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  70. wikiriwhis business (3,996 comments) says:

    No such thing as conspiracy!!

    Absolute conspiracy

    Libor

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  71. David Garrett (7,271 comments) says:

    Why do avenues in France tend to have trees planted along them?

    So the German soldiers can march in the shade…

    How many Frenchmen does it take to defend Paris?

    Who knows, it’s never been done….

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  72. kowtow (8,445 comments) says:

    dg
    not too far off on the trees, I heard they were planted by the tyrant Napoleon to shade his armies on the march.

    The french revolution, a power grab by ruthless middle class lawyers,dressed up and excused in easy sounding platitudes.

    Mind you we “Anglos”have benefitted from it with some good literature and ripping yarns like Hornblower, Scarlet Pimpernel, the Master and Commander series.So I suppose we can thank the revolution for something.
    Actually my favourite is Waterloo ,pity the Prussians are no longer around.The Germans were always a natural ally( until that fool William II) ,unlike the Frogs.

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  73. wikiriwhis business (3,996 comments) says:

    Big pharma now directly taxes Americans under Obama care

    This vid also explains TPP and it’s evil

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  74. Nookin (3,341 comments) says:

    Apparently it’s called a barqua
    http://redperil.wordpress.com/2011/01/12/guide-dog-for-a-muslim-woman/

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  75. Andrei (2,644 comments) says:

    LOL – crucifiction of democracy

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  76. Reid (16,442 comments) says:

    This vid also explains TPP and it’s evil

    I’m not sanguine about it either wiki. But its going to happen, no question about that.

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  77. Keeping Stock (10,337 comments) says:

    Happy Bastille Day to Yvette and to all other francophiles. There’s a great Bastille Day rugby memory here:

    http://keepingstock.blogspot.co.nz/2012/07/bastille-day.html

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  78. Reid (16,442 comments) says:

    Shaolin monk vs US Navy SEAL

    http://video.search.yahoo.com/video/play?p=shaolin%20monk%20vs%20u.s%20navy%20seals&tnr=21&vid=4738835629146143&turl=http%3A%2F%2Fts4.mm.bing.net%2Fvideos%2Fthumbnail.aspx%3Fq%3D4738835629146143%26id%3D04c0468ffd1e8efcd465c446a0c2a35d%26bid%3DiFMH%E2%80%8BNWmRNK2KaA%26bn%3DThumb%26url%3Dhttp%253a%252f%252fwww.youtube.com%252fwatch%253fv%253dVr7sBFhwDzI&rurl=http%3A%2F%2Fwww.youtube.com%2Fwatch%3Fv%3DVr7sBFhwDzI&sigr=11a7uujdt&newfp=1&tit=Shaolin+Monk+vs+U.S.+Navy+SEALs+Boxer+KO

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  79. Viking2 (11,467 comments) says:

    We wonder and we wonder.
    chch again.

    Jumping collapses venue floor
    Structural engineers will investigate why the floor of a new $2.5 million events centre collapsed during a Christchurch hip-hop concert.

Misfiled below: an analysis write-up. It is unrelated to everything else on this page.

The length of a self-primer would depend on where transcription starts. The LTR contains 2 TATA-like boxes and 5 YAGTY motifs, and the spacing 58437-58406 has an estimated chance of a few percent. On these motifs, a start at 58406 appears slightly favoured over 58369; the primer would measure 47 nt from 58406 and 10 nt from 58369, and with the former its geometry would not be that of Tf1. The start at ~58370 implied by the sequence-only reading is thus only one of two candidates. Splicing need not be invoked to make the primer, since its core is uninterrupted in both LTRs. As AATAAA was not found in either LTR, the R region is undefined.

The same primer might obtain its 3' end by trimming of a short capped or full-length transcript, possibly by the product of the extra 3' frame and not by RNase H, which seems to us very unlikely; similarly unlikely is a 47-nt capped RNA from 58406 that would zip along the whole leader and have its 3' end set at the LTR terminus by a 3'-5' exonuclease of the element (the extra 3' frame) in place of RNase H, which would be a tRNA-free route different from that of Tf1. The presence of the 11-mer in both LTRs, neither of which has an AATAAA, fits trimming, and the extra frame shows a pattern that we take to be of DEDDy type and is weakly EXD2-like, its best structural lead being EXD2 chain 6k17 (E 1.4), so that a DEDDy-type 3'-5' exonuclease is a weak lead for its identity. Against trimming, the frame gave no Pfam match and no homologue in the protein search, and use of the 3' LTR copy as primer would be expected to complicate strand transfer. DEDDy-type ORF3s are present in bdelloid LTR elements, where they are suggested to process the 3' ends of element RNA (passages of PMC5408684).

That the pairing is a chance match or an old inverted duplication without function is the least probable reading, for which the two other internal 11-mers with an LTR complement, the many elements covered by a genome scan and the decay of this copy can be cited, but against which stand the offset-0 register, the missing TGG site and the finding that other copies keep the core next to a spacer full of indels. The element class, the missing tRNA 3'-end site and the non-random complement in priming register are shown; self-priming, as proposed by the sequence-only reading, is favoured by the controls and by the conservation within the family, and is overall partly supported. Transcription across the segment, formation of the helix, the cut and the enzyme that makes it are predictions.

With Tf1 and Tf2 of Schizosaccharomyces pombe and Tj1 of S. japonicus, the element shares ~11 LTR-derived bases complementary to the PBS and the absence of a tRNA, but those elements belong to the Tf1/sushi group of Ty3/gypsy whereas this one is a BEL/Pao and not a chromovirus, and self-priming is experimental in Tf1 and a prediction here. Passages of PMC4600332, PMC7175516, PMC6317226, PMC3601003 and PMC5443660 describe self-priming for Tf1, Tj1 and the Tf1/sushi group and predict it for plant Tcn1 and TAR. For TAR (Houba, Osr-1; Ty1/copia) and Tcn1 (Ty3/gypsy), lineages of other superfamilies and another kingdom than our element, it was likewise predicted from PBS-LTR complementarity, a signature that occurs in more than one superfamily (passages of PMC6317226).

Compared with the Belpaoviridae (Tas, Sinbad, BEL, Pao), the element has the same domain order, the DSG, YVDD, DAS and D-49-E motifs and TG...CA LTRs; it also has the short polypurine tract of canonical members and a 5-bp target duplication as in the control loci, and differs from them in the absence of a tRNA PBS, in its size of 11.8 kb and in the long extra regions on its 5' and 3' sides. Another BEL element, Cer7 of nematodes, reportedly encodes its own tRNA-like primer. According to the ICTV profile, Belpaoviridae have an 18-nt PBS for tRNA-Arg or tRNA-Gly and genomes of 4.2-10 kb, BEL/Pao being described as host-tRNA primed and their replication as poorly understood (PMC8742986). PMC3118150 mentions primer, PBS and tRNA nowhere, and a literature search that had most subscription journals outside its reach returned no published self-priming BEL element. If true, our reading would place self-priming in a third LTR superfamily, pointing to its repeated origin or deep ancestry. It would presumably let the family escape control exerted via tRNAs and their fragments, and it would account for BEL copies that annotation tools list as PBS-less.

A Canterbury University concert was abandoned last night after part of the floor at its new multimillion-dollar venue collapsed during a performance.

    The concert, The Perfect Storm, was held at the university’s new $2.5 million temporary events centre.
    http://www.stuff.co.nz/national/7279448/Jumping-collapses-venue-floor
    Brand new since the earthquake.
    Time to close that place down and turn it into a lake just like Sir Robert suggested.

    But then it is Christchurch I suppose.

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  80. Other_Andy (2,676 comments) says:

    Reid

    TinyUrl would be a good idea…..

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  81. Reid (16,442 comments) says:

    This is great:

    http://lightbox.time.com/2012/07/12/interactive-panorama-step-inside-the-large-hadron-collider/#end

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  82. Reid (16,442 comments) says:

    http://www.ritholtz.com/blog/2011/07/warren-buffett-i-could-end-the-deficit-in-5-minutes/

    Buffet:

    “I could end the deficit in 5 minutes. You just pass a law that says that anytime there is a deficit of more than 3% of GDP all sitting members of congress are ineligible for reelection.”

    Congressional Reform Act of 2012

    1. No Tenure / No Pension.

    A Congressman/woman collects a salary while in office and receives no pay when they’re out of office.

    2. Congress (past, present & future) participates in Social Security.

    All funds in the Congressional retirement fund move to the Social Security system immediately. All future funds flow into the Social Security system, and Congress participates with the American people. It may not be used for any other purpose.

    3. Congress can purchase their own retirement plan, just as all Americans do.

    4. Congress will no longer vote themselves a pay raise. Congressional pay will rise by the lower of CPI or 3%.

    5. Congress loses their current health care system and participates in the same health care system as the American people.